Friday 8 April 2011

G is for Games

I am very, very bad at all sport. If I see a ball coming towards me, there's a(probably primitive) part of my brain that says "missile! duck!" and that's what I more or less do.

Of course, with a vicious game like hockey, when a blow on the ankle is something to be reckoned with, this is actually quite sensible. Not duck, exactly, but at the very least, run away. But if you want to succeed at sport, you must go for the ball, embrace the opportunity, love it, even; and hit it/catch it/kick it.

At my school, if you were bad at sport, that was it. No-one bothered to help you to improve. You were a failure; a person of no value; and (worst of all) that common humilation for the school child: Last To Be Picked for a Team.

In the end (and I now I've referred to this before), I was relegated to the corner of a large sports field, together with two equally useless friends, where we were equipped with a javelin and a discus and told to get on with it. Can you imagine? Three giggly teenagers, armed with potentially lethal weapons, left on our own to "practise". Oh, Health and Safety, where were you when I really needed you?

Safety issues apart, to this day, I cannot see what possible use the ability to throw a discus can be in the life of a young - or, come to that, any - woman. Certainly, I have never found it to be useful. In any case, I was as hopless at discus-throwing as I was at any other sport. So the three of us (mercifully, we were close friends) lay in the grass and made daisy chains and gossiped about boys.

My small grandson (and he is very small for his age) asked me the other day to guess what he worried about when he couldn't get to sleep at night.

"I don't know," I said. "Tell me."

"Rugby," said poor Max, who is regularly battered on the rugby field.

Oh, poor Max. I think that in that respect at least, you take after your grandmother.


  1. Poor Max!

    I'm a sport failure too. My only moment of prowess came during a netball match in which I scored a goal (is that the right term in netball?). Alas, nobody had told me that I was Goal Defence, and I was meant to be throwing the ball away from the net rather than through it. Triumph turned so quickly to abject failure; I've been wary of success ever since.

  2. I so can relate to this! I used to so hate sports day as my games teachers would cruelly choose me for some race knowing I would come last. Perhaps in was a questionable act of kindness to make this non-existent athlete feel 'included?'

    Hugs to Max!

    Anna :o]

  3. I wasn't into sports either... "lay in the grass and made daisy chains and gossiped about boys" ...oh dear, that WAS fun!!! :-))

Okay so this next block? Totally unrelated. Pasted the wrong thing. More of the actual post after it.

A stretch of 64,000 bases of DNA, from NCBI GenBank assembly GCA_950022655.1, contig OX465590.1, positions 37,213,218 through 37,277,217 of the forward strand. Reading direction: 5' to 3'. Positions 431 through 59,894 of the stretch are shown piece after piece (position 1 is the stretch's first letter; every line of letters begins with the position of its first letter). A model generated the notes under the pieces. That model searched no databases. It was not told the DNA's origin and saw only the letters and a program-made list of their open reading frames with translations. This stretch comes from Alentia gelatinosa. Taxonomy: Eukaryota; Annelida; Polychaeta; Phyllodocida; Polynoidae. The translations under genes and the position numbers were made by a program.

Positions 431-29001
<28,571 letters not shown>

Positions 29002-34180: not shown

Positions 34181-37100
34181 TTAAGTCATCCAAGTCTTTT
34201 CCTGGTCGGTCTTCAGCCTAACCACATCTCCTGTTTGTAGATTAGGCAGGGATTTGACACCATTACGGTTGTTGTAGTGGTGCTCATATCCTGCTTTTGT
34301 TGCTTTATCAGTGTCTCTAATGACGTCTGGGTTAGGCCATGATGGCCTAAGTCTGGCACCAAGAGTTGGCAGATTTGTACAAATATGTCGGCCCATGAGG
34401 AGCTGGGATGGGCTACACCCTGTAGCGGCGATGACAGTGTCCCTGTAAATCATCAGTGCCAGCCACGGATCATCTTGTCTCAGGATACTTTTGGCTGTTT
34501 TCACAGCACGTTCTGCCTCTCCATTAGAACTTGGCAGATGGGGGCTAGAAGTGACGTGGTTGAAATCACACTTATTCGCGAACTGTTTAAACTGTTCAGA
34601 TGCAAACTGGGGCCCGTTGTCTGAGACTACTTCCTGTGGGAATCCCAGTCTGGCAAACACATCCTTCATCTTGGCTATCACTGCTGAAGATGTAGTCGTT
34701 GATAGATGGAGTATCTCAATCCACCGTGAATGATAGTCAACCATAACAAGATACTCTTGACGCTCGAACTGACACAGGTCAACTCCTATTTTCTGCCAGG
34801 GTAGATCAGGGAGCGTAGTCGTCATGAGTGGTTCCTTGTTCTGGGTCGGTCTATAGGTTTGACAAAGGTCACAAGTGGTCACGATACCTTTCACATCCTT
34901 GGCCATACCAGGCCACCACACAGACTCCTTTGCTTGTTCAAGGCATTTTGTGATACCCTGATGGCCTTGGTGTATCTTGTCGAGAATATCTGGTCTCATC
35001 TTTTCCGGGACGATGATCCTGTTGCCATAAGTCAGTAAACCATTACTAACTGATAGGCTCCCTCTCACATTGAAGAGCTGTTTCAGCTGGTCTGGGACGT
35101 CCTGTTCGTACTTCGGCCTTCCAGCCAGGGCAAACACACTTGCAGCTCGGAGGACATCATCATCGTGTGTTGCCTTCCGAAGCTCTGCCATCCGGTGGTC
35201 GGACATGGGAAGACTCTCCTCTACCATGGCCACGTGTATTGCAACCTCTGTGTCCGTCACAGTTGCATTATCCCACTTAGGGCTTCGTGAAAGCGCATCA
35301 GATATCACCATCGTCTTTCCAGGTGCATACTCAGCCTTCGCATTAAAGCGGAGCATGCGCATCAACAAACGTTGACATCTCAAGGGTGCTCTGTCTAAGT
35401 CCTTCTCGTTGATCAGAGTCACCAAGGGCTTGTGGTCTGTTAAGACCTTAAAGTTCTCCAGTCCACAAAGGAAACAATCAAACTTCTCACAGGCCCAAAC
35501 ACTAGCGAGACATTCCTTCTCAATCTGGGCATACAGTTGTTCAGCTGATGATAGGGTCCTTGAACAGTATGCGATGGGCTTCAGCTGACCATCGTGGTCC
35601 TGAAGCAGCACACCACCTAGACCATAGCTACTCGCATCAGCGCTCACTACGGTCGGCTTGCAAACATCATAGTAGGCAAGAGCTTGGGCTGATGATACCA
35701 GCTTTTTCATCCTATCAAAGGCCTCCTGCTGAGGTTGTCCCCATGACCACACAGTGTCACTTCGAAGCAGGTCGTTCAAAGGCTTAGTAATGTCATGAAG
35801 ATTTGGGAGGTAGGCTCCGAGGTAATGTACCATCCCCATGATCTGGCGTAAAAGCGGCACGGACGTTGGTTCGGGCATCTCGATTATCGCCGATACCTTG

Thanks for stopping by. I loved the story about your daughter and the blind patient. Hilarious!


  4. I was hopeless at games when at school, loved mucie more,My son however became a pro soccer player after he left school until an injury forced him to give up.


  5. My trick for coping with rugby (which I hated) at school was this:

    ~the rules prohibit the ball being passed forward
    ~if you always stay ahead of the ball, no-one can pass to you

    Worked a treat...

  6. All these sporting failures - how comforting! Maybe sport and creativity don't go together.

    Tim, how did you get away with it?

  7. I'm rubbish at sport too. I used to do cross country, as I was the only girl who didn't mind mud, I seemed relateively good at that.

  8. It seems that some of the best people were rubbish at sport. Welcome to the club, Patsy!

  9. Couldn't help smiling but I do feel for the little fella. I still have nightmares about a hockey ball heading towards my face.

  10. Colette, the hockey ball should have struck you on the shins! Someone was aiming in the wrong direction.

    Surely there must be someone out here who was good at games?

  11. Me too! I still feel sick when I look back to my schooldays. I was the same - always one of the last to be 'picked' for teams. Public humiliation. You had to be good at sports to be really popular. The only thing I was good at was English, and that didn't particularly impress anyone (apart from the English teachers!).

    I wish I had been encouraged to find something I could enjoy. In my late forties I finally learned to swim properly, and I've had so much pleasure from it since, (and finally, some exercise!). But swimming teachers back in the
    1960s were only interested in the good swimmers, and terrified the life out of people like me!

  12. Olivia, you/we are in excellent company. Those who play sport obviously can't string two words together. And which would you prefer?

    Actually, I can swim. Not fast, not that beautiful streamlined crawl with no time to breath, but breaststroke, head stuck out like a tortoise's. I can do this for a long time, and love swimming in very deep(sea) water. But I wouldn't win any competitions.